That may be why mouse studies don’t always tell the right story. 

The most detailed study of its kind has found human brains are remarkably similar to mouse brains. But it also found subtle differences that could explain why many psych drugs that show promise in mouse studies don’t work in people.

The outer layer of the human brain, called the cortex, is a bona fide biological marvel, playing a leading role in thinking, talking, remembering, moving limbs and, for good measure, consciousness.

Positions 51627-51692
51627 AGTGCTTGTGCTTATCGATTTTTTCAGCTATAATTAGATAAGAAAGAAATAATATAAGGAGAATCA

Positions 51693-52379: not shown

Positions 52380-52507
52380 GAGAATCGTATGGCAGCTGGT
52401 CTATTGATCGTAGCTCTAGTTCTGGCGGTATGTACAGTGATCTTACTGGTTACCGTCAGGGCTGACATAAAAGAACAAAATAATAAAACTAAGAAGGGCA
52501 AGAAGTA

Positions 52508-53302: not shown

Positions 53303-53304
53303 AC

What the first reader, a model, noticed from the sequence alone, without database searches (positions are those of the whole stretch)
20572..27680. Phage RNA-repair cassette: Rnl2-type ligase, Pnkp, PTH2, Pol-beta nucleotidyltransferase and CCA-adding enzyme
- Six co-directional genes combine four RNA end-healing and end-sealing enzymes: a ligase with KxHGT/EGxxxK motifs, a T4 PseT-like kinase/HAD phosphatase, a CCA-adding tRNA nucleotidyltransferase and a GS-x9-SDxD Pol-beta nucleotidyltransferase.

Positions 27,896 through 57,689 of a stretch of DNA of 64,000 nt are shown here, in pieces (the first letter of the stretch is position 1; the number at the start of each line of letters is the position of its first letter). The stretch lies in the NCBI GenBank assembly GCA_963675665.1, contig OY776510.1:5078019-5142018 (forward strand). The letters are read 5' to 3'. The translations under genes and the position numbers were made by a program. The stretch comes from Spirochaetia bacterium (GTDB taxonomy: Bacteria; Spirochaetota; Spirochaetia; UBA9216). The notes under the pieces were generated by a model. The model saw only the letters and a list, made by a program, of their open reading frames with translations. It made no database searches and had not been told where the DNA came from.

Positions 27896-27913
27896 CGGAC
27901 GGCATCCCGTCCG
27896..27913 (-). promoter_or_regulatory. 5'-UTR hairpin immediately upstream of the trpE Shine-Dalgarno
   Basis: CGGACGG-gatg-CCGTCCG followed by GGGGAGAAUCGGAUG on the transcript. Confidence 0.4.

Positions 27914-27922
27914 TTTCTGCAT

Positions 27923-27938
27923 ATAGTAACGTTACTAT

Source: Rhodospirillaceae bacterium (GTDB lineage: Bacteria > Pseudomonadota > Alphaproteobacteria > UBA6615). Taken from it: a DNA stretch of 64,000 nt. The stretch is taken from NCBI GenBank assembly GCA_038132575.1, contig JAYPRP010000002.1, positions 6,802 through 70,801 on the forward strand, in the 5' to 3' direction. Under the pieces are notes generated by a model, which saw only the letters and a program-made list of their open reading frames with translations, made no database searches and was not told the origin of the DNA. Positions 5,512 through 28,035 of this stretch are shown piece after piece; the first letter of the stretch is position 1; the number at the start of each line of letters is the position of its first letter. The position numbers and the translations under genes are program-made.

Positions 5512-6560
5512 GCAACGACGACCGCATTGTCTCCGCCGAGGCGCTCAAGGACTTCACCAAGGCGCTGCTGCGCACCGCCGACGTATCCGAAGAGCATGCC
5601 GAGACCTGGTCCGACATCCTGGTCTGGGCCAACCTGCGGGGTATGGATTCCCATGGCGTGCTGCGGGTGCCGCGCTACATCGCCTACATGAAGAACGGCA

Such superpowers call for serious kit.

Our brain boasts 16 billion neurons, the cells that relay messages, and a supporting cast of 61 billion other cells that provide neurons with scaffolding, insulation, nutrition and protection from disease.

In all, the human cortex is 1000 times bigger than that of the mouse, a species we parted company with 65 million years ago when our last common ancestor is believed to have lived.

Despite that evolutionary gulf, research led by Ed Lein from the Allen Institute for Brain Science in Seattle, US, has found that we share a surprising amount of brain architecture with our rodent cousins.

Read the full story in Cosmos magazine here